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This is unbalanced at the moment - I'm reading Stallworthy's biography, and I'll flesh out MacNeice's life as I go along over the next few weeks. I think for clarity's sake it's better to refer to him as Louis in childhood (although he was actually known by his first name then), and MacNeice from his time at Sherborne onwards when there were fewer other MacNeices around. Stallworthy refers to him as Louis throughout. --Andrew Norman 05:18, 27 May 2005 (UTC)Reply[reply]
He may have been born in Belfast but when he was born there was no border in Ireland and people in the north thought of themselves as Irish. His family were from Connamara, which makes it highly unlikely that he would have thought of himself as 'British' but rather would have thought of himself as 'Irish'. Being Irish does not preclude someone having British nationality, just as being Welsh does not mean that someone is not a British citizen. On sources that I have seen make it clear that he thought of himself as Irish and that should be recognised. — Preceding unsigned comment added by 22.214.171.124 (talk) 20:16, 6 December 2019 (UTC)Reply[reply]
He was British all his life, even after Irish independence he chose to remain a British national and even spent his last days living in England.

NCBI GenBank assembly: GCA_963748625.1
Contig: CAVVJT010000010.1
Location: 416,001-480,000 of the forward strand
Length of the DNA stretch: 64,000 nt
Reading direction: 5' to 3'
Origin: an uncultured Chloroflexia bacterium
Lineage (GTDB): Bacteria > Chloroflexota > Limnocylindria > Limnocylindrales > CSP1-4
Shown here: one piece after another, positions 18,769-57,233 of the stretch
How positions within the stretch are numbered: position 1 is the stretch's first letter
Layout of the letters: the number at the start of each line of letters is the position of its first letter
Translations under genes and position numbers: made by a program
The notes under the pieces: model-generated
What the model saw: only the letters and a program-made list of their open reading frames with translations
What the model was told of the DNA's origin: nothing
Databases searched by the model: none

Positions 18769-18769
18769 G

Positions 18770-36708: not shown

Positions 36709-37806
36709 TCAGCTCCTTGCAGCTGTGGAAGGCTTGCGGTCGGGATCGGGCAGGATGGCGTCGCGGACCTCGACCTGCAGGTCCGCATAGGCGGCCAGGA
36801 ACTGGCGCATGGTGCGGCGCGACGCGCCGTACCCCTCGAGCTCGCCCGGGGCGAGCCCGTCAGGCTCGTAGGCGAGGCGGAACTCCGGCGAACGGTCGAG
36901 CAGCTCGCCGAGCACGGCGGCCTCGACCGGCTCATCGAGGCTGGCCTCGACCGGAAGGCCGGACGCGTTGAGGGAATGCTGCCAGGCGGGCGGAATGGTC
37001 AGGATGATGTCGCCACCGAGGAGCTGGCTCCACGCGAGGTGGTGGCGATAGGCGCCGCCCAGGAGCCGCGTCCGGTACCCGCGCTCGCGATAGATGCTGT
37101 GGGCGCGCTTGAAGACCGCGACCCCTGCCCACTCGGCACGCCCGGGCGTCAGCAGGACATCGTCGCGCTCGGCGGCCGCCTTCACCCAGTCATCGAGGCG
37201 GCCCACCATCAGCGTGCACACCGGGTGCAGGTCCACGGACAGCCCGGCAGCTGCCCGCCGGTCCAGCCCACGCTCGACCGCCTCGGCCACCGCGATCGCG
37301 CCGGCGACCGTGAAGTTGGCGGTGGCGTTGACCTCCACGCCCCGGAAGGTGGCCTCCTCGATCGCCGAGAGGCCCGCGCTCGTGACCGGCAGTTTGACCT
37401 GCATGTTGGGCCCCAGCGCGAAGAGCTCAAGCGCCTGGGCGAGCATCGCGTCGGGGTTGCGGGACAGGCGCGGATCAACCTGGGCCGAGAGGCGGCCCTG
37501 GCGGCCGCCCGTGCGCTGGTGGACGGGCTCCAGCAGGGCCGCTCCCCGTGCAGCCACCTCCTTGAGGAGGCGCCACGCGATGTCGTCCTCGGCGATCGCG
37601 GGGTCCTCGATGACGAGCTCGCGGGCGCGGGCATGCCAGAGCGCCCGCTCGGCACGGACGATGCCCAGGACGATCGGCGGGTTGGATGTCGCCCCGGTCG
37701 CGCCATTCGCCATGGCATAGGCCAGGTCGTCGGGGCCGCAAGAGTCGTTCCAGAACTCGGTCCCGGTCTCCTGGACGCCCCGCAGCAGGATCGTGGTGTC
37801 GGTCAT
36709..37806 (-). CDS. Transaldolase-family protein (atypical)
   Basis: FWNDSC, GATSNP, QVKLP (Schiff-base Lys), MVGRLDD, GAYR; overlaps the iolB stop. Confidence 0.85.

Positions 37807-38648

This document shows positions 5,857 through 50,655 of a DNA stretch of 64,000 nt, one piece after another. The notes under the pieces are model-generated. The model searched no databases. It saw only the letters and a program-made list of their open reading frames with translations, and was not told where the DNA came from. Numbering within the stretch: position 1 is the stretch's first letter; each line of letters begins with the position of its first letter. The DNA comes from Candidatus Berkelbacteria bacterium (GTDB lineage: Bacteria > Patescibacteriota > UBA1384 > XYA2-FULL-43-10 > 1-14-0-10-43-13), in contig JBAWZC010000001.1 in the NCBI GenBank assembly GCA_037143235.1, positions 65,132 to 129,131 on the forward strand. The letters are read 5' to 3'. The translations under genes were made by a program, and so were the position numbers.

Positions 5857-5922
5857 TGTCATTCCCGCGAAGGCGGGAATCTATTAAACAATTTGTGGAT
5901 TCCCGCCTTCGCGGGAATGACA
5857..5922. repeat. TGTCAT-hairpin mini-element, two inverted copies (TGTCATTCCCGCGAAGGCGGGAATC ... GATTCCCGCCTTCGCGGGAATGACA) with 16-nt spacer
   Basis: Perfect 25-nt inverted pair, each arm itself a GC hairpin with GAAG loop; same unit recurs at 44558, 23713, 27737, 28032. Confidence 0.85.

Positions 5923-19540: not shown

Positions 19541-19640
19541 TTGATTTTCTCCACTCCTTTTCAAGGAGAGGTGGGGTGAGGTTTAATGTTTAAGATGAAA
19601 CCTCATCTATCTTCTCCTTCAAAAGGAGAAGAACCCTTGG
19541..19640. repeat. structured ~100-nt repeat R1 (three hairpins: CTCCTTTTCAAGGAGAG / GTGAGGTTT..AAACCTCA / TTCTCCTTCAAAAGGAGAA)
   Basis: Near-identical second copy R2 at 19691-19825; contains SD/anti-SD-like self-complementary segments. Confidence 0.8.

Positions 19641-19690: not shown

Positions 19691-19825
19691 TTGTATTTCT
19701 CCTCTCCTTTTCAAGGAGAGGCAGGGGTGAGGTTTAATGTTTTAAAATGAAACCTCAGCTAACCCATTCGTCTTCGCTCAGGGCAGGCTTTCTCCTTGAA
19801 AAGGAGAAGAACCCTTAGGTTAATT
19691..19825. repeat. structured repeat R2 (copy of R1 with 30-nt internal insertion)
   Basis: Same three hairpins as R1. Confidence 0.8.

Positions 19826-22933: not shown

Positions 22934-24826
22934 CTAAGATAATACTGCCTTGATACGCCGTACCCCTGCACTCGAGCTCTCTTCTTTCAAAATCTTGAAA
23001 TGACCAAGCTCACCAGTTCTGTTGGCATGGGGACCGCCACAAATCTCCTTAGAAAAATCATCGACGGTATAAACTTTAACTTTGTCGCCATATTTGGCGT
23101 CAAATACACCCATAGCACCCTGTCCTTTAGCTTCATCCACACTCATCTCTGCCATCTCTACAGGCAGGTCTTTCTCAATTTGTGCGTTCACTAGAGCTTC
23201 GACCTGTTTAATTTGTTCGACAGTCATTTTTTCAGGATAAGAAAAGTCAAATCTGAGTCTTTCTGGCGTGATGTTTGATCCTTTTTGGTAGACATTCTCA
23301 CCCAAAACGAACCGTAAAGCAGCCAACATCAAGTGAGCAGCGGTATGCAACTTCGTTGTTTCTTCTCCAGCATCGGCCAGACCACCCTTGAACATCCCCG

Your logic is so wrong and what you are saying is akin to claiming that every person from New Mexico or Texas is a Mexican. 126.96.36.199 (talk) 15:12, 3 September 2023 (UTC)Reply[reply]
the BBC radio premiere of MacNeice's The Dark Tower in 1947, was preceded by the poet's ten-minute introduction in his distinctive Northern Irish accent.
is not supported by a citation. I have changed the date of the premier to 21 January 1946 per  & , but there is no mention there of such an introduction. The programme was scheduled from 9:15 to 10pm, and the version online ( is 1h13min, so there is not a ten-minute gap there, either. Andy Mabbett (Pigsonthewing); Talk to Andy; Andy's edits 18:45, 27 October 2021 (UTC))Reply[reply]
As the recent IP edit summary said here, "MacNeice's birth predated Northern Ireland by nearly two decades." But for 42 years he was "from Northern Ireland"? From 1917 he was at Sherborne Preparatory School in Dorset anyway, and all notability as a published poet arose after the partition. Geographically speaking, he was very much "from Northern Ireland". Martinevans123 (talk) 12:57, 29 March 2022 (UTC)Reply[reply]